There are several techniques used in non-destructive testing for the collection of several types of data, each requiring its own sort of tools, preparation, and training.

Some of these techniques might permit for a comprehensive volumetric examination of an object, while others only allow a surface examination. In the same way, some non-destructive testing procedure will have varying degrees of success depending on the sort of material they are used on, and some techniques -such as Magnetic Particle NDT, for example- will only work on specific materials (i.e., those that can be magnetized).  

In a similar way, some NDT methods will have varying degrees of success depending on the type of material they’re used on, and some techniques—such as Magnetic Particle NDT, for example—will only work on specific materials (i.e., those that can be magnetized).

Here are the eight most commonly used NDT techniques:

VISUAL TESTING (VT)

Visual Non-Destructive Testing is the performance of gathering graphic data on the grade of a factual. Visual Testing is a vital way to examine a physical or object without changing it in any way.

Visual Testing can be done with the naked eye, by an examiner graphically reviewing material or asset. For indoor Visual Testing, expert inspectors use flashlights to add depth to the object being inspected. Visual Testing can also be done with a Remote Visual Inspection tool, like a camera. To get a camera in place, non-destructive inspectors may use a drone or robot, or may simply hang it from a rope.  

ULTRASONIC TESTING (UT)

Ultrasonic Non- Destructive Testing is the process of transmitting high- frequency sound waves into a physical in order to identify changes in the component’s or material’s possessions.

Generally, Ultrasonic Testing uses sound waves to detect flaws or deficiencies on the surface of the material created.   

One of the most shared Ultrasonic Testing methods in the pulse-echo. With this technique, examiners introduce sounds into the material and measure the echoes (or sound reflections) produced by limitations on the surface of the material as they are returned to a receiver.

Here are some other types of Ultrasonic Testing:

  • Phased Array Ultrasonic Testing (PAUT)
  • Automated Ultrasonic Testing (AUT)
  • Time-Of-Flight Diffraction (TOFD)

RADIOGRAPHY TESTING (RT)

Radiography NDT is the procedure of using gamma- or X-radiation on materials to recognise flaws.

RT directs radiation from a radioactive isotope or an X-ray generator through the component being tested and onto a film or some other kind of sensor. The readings from the detector create a shadowgraph, which discloses the fundamental features of the examined material.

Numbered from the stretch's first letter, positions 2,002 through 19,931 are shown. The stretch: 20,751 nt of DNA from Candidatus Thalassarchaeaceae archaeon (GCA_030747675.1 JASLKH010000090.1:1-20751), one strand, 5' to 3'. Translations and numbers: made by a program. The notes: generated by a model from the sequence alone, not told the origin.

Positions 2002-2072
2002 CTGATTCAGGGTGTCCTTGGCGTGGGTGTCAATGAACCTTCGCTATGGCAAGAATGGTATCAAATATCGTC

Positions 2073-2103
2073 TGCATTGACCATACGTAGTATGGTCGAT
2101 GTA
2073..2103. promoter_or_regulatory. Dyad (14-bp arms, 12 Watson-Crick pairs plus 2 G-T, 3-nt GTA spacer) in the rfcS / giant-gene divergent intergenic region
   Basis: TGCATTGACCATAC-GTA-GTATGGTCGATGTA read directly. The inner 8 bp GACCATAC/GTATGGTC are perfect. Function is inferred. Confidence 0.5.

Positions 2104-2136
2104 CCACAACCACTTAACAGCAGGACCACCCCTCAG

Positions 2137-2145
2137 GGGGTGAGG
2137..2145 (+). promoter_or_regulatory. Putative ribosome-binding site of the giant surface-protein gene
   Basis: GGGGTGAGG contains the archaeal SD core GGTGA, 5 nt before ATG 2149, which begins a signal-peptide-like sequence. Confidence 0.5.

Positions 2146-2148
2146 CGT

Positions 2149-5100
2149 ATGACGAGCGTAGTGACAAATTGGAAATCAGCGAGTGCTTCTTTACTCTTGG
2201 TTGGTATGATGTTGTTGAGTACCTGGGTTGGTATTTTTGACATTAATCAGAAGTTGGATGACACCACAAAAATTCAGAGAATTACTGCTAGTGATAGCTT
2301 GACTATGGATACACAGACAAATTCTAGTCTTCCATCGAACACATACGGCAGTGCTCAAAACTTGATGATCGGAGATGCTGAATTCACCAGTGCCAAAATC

RT can discover features of a physical that can be hard to sense with the naked eye, such as changes to its density.

EDDY CURRENT (ELECTROMAGNETIC) TESTING (ET)

Eddy Current Non-Destructive Testing is a sort of electromagnetic testing that uses measurements of the power of electrical currents (also called eddy currents) in a magnetic field near a physical in order to make purposes about the material, which may include the locations of flaws.

To bear Eddy Current Testing, examiners inspect the movement of eddy currents in the magnetic field adjacent to a conductive material to recognise pauses caused by flaws or failures in the component.

MAGNETIC PARTICLE TESTING (MT)

Magnetic Particle NDT is the procedure of classifying deficiencies in a component or material by inspecting disturbances in the movement of the magnetic field surrounded by the material.

In order to use MT, examiners first persuade a magnetic field in a material that is highly susceptible to magnetization. After prompting the attractive field, the surface of the material is then enclosed with iron particles, which reveal commotions in the movement of the magnetic field. These disturbances create visual needles for the locations of flaws within the component or material.

ACOUSTIC EMISSION TESTING (AE)

Acoustic Emission NDT is the procedure of using acoustic releases to classify possible defects and failures in a material.

Examiners conducting AE are probing materials for eruptions of audio energy, also called acoustic emissions, which are produced by flaws in the material. Intensity, location, and arrival time can be inspected to disclose data about possible flaws within the component or material.

LIQUID PENETRANT TESTING (PT)

Liquid Penetrant NDT refers to the course of using a liquid to cover a substance and then looking for disruptions in the liquid to classify deficiencies in the component or material.

LEAK TESTING (LT)